Social costs of the pandemic will be felt for a decade, says the British Academy | The British Academy
Some interconnected trends highlighted include:
– Low and unstable levels of trust in the national government, undermining the ability to mobilise public behaviour;
– Widening geographic inequalities on measures such as health and wellbeing, local economic risk and resilience, and poverty;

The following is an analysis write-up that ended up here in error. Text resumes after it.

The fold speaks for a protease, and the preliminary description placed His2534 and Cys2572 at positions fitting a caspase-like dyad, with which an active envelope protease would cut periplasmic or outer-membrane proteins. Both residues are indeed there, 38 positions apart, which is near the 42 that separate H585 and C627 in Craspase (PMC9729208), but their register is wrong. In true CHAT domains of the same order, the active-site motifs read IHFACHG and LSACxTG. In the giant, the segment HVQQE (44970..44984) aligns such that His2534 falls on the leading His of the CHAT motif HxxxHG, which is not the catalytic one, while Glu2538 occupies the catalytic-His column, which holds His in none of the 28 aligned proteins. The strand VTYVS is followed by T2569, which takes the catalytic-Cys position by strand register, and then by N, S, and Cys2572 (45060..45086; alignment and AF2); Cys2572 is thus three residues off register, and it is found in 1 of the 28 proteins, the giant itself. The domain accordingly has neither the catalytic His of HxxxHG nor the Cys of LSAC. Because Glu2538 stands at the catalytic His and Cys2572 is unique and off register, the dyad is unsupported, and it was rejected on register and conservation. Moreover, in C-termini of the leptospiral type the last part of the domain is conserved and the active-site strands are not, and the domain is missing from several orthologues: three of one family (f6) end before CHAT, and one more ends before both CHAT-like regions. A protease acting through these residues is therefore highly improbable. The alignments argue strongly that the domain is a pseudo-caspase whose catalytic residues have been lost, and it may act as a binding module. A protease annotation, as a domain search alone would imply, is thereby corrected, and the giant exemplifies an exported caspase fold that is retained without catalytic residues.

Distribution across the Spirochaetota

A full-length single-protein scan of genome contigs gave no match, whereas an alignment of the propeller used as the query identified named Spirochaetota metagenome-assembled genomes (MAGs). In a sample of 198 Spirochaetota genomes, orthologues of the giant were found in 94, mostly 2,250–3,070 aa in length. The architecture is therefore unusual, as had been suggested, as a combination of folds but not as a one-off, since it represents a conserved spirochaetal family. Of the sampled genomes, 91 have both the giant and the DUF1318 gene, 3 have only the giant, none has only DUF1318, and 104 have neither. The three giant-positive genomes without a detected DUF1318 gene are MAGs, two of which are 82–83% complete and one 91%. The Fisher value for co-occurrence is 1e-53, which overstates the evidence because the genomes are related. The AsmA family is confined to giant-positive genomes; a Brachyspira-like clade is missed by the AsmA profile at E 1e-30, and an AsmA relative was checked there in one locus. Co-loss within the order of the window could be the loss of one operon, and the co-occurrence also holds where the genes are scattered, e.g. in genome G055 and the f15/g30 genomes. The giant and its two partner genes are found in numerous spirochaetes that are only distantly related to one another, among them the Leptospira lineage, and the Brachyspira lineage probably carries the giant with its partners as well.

– Worsening social development, relationships and mental health – impacts which will vary according to age, gender, race and ethnicity, and levels of social deprivation;
– Severe strains on the capacity to support local community infrastructure, which has risen in importance during the pandemic;
– Lost – and likely unrecoverable – access to education at all levels, exacerbating existing socio-economic inequality, limiting access to digital skills and technology and impeding progress towards a prosperous, high-skilled economy.